Thailand’s Apparent Policy Shift On Mekong Hydropower Dams

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By Richard Cronin – Statements by Thailand’s Prime Minister Abhisit Vejjajiva in recent weeks appear to indicate a significant shift in Thai policy toward hydropower on the Mekong River. Vietnam already has become alarmed about the massive hydropower dam cascade that China is building in Yunnan and the plans by Laos and Cambodia to build a string of dams on the Lower Mekong that would have the unintended effect of decimating migratory fisheries. To date, the quasi-governmental Electric Generating Authority of Thailand (EGAT) is the largest financer and customer for scores of dams being built on major tributaries of the Mekong in Laos, but the prospect of mainstream dams – many of which would be financed and constructed by Chinese banks and state-owned companies – has raised the debate over the extensive damming of rivers in the highlands of Laos, Vietnam, and Cambodia to a much higher pitch.

Vietnam, especially, is deeply concerned about the downstream consequences of both China’s massive cascade of eight hydropower dams in its mountainous Yunnan Province and the more recent plans for the construction of eleven dams in Laos and two planned by Cambodia on the middle and lower stretches of the 4,880 kilometer long river. Experts widely agree that the Yunnan cascade and the mainstream dams planned by Laos and Cambodia will alter the timing and flow of the river’s natural hydrology and hold back flood-borne silt. The Vietnamese fear that the upstream dams will greatly accelerate the pace at which the most exposed parts of the Mekong Delta are already disappearing into the advancing South China Sea, while also degrading fresh water flowing in from the North and allowing salt water to penetrate more deeply into the Delta’s rice fields. The Delta produces 40 percent of Vietnam’s rice, the largest share of its fish catch (both wild and farm-raised), and is home to 17 million people.

In a June 19, 2009 meeting with representatives of the Save the Mekong Coalition, a grouping of some twenty NGOs, Abhisit appeared to depart from Thailand’s traditional policy of looking to the Mekong Basin for new sources of electrical power to meet growing demands for powerand water. The prime minister told the delegation “that he will take up the issue of dam construction on the Mekong River for discussion at the bilateral, regional and international levels, whether with the Mekong River Commission, with Thailand’s fellow ASEAN members, or with ASEAN’s dialogue partners… [but] he stressed that the Thai government alone cannot make a decision to agree or disagree with the construction of any particular dam on the Mekong River as the Mekong is an international river, belonging to many countries; therefore, it is necessary for his government to consult with other riparian nations.” The meeting with the environmental advocates followed the initiation by Save the Mekong on June 18, 2009 of a world-wide campaign against hydropower dam construction on the Mekong mainstream, backed by thousands of supportive postcards from throughout the world.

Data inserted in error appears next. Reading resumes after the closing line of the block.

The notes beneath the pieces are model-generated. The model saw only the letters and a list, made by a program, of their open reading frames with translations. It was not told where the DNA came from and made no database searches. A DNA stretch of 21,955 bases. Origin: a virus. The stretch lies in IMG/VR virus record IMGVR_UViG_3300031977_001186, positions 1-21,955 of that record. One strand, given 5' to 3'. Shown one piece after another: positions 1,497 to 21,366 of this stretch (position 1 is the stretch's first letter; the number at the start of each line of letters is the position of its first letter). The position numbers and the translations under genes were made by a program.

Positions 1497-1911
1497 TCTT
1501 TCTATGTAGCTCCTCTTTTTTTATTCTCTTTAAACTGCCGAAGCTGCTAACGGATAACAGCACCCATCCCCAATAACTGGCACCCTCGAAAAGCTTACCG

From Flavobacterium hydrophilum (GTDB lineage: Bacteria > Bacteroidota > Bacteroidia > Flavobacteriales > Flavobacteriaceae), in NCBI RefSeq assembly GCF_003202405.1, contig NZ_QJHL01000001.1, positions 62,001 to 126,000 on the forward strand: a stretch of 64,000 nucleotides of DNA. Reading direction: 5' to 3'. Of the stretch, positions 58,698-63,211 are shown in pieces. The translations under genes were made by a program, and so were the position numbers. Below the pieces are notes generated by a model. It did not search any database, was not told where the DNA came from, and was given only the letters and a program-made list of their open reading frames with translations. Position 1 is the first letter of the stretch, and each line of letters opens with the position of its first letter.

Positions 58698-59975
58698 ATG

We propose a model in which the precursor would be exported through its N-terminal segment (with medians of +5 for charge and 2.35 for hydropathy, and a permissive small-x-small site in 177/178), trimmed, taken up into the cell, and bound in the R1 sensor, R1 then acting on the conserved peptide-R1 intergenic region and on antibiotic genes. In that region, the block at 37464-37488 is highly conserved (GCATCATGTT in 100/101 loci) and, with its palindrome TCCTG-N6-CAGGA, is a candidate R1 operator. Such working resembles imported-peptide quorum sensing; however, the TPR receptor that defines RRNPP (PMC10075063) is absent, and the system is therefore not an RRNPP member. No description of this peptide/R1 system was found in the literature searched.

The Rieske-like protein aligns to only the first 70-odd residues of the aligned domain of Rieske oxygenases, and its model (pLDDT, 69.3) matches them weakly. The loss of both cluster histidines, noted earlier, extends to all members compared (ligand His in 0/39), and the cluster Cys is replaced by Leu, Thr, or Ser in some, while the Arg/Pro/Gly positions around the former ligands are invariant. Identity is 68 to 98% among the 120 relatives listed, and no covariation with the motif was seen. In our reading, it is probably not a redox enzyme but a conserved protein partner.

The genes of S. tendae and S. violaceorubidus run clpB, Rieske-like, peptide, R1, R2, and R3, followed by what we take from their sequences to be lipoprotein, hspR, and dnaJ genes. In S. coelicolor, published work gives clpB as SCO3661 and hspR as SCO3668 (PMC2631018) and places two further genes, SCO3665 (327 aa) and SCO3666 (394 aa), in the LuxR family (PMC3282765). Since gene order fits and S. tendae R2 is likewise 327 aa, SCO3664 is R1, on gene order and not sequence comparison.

Prime Minister Abhisit also told the delegation that he had directed EGAT and other agencies to reexamine the country’s electricity needs after the passing of the current global economic crisis, which has depressed demand from pre-crisis levels. In the past, EGAT has been criticized for overlyestimating demand forecasts that have led to excessive investment in hydropower dams and other sources at a significant unnecessary cost to Thai taxpayers and electricity customers.

Significantly, Prime Minister Abhisit emphasized that Thailand alone could not “agree or disagree” to projects proposed for an international river, and he appeared to put down a marker that the construction of dams should take place only after “consultation … based on data obtained from surveys that conform to international standards and are acceptable to all parties involved.” A total of 11 dam projects have been planned for construction on the segment of the Mekong River that runs through Laos, Thailand and Cambodia. The 1995 Mekong Agreement on the Cooperation for the Sustainable Development of the Mekong River, which established the Mekong River Commission (MRC) requires notification and consultation on projects with significant downstream impact but does not give one country the power to veto the “national” projects of another. At the end of the day, these issues will be decided through politics, not the Treaty, which opens up the possibility of future upstream-downstream conflict when perceived vital national interests are at stake.

Prime Minister Abhisit brought this new perspective to a meeting in Hanoi with Vietnamese leaders on July 12. In a joint statement, Abhisit and Vietnamese Prime Minister Nguyen Tan Dung pledged to work with each other and other countries in the Mekong basin to both tap and protect water resources of the Mekong River in order to protect legitimate and long-term rights of all downstream and upstream countries for the sake of common sustainable development in the sub-region”.

Most recently, US Secretary of State Hillary Clinton demonstrated a renewed US interest in the region. She signed the Instrument of Accession to the ASEAN Treaty of Amity and Cooperation, is requesting a seven-fold increase in USAID funding in the region and stated the US government’s intention to open a US mission to ASEAN. She also convened the first US-Mekong Ministerial Meeting with foreign ministers from Cambodia, Laos, Thailand and Vietnam to discuss “issues of common interest, particularly in the areas of the environment, health, education, and infrastructure development.”

photo credit: Chris Lang,


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